Were you in the communications business early on in your career?
After I graduated from college I went to work selling photography equipment at Southridge Mall. I did that for probably four or five years and then went into the printing business and I worked for Midwestern Paper selling paper. Before I got physically into real estate I was actually working for a printer doing their pre preps work in the darkroom all the time. That was about the time when film and plates were going away.
What led you to real estate?
My wife was working from home at the time doing home day care and I decided I needed to get out of the house. I do like the independence of real estate. The cool part is you can take an afternoon off and go be with kids, grandkids now.
Why did you start crunching the numbers?
How I got involved in it was back in 2006 or so I was getting into the chairs at the Des Moines Area Association of Realtors, preparing to be the president in 2011. Watching all of these presidents talk to the media about what was going on in the market scared the heck out of me. I knew what was going on, but I couldn’t tell you how many houses were on the market or how many were selling over a set period of time. And so, lo and behold, about 2008 I decided I have about three years to learn and figure this out and be a good source for that information. Well, guess what happened in 2008. I really wish I had some data then, but we have data now going back to 2008. So it’s a pretty good goldmine of info.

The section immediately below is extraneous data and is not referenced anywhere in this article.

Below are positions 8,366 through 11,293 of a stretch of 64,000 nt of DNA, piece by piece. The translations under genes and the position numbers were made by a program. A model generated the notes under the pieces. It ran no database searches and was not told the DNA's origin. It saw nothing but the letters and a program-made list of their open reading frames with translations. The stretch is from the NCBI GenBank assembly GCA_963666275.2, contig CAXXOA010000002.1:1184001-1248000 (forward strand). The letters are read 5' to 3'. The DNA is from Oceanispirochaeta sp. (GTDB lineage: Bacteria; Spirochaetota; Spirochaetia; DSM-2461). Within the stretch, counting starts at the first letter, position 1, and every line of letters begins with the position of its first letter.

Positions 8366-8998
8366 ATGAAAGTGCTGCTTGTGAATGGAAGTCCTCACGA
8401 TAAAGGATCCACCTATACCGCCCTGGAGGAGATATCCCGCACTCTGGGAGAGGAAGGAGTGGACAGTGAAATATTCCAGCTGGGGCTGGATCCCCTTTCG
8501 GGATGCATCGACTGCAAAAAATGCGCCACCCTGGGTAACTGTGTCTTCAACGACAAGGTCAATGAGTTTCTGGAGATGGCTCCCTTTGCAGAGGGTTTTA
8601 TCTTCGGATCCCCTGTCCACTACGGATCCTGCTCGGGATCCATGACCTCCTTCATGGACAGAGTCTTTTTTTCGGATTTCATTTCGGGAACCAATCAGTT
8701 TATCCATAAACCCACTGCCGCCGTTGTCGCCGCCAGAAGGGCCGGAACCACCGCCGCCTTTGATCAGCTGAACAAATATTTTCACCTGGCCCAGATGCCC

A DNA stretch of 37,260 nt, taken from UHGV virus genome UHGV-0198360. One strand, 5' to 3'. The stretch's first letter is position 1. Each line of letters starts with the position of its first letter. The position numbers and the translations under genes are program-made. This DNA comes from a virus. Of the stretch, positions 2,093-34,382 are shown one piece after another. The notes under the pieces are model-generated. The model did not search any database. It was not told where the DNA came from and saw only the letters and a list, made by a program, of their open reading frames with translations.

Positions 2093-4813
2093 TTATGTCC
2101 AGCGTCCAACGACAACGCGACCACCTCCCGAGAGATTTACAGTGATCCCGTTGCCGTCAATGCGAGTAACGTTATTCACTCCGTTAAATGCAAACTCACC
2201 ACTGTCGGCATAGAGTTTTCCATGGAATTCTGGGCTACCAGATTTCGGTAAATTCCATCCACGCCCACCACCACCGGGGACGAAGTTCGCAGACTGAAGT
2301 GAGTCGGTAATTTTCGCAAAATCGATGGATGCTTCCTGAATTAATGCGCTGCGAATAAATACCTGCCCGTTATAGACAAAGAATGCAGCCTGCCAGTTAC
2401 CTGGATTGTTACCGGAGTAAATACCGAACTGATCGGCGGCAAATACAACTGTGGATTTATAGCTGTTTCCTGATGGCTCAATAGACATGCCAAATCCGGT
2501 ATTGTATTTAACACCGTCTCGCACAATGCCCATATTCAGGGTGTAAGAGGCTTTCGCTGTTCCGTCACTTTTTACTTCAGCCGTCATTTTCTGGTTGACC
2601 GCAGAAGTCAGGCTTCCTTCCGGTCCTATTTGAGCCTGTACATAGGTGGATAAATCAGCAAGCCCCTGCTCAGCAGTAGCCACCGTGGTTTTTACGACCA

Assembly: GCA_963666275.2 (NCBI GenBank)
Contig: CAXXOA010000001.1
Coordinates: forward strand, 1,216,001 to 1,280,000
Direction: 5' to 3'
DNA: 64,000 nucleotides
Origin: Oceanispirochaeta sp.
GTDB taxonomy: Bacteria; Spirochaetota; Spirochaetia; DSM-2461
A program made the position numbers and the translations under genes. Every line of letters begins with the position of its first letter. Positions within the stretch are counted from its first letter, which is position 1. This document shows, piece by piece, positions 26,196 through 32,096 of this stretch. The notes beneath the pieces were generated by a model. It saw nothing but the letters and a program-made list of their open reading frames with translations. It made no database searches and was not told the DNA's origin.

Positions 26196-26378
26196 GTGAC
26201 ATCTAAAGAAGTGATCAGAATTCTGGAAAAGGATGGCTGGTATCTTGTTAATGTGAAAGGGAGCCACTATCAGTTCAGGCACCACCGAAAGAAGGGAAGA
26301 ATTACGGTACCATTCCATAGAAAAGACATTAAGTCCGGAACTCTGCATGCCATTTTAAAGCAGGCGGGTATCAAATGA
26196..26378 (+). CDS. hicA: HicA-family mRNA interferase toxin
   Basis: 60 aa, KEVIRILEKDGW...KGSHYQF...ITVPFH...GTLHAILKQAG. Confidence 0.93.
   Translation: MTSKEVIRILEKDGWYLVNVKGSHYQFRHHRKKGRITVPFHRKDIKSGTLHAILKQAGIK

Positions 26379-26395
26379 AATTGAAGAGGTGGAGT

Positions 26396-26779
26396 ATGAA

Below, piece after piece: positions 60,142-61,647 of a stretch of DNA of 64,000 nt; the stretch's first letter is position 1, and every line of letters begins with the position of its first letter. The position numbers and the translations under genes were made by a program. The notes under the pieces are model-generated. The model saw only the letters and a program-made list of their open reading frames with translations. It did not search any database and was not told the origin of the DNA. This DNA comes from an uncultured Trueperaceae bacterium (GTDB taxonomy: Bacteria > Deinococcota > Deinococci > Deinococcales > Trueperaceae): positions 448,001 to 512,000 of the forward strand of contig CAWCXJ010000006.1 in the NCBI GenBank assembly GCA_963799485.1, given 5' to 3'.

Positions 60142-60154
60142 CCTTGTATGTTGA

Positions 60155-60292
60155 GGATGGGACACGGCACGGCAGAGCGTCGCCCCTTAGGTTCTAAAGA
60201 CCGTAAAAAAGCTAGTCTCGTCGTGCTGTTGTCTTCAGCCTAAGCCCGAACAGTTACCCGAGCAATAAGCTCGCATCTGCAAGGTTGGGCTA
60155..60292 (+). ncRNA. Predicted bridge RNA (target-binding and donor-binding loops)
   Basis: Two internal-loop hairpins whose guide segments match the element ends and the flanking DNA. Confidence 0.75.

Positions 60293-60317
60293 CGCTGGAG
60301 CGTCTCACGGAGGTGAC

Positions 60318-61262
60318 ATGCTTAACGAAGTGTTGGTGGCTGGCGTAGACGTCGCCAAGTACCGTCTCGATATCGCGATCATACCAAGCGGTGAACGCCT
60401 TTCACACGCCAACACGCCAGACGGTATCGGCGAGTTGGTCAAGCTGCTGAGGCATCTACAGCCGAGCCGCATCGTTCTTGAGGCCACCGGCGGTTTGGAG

What insight does that historical data tell you about the current market?
We all know real estate is cyclical for sure. And it just points me in the direction of giving me a better idea of when something’s going to happen versus saying, “Oh this is what we expect it to happen.” Probably in the next couple of years we’re going to be, maybe, at that peak again instead of the valleys. We’ve been on the rise for the last four or five years, home inventories are coming back up again, which is good, and of course with it, so are interest rates. The historical data will give me some kind of an idea of where homebuyers’ favor is going in five years from now rather than just a couple of years out.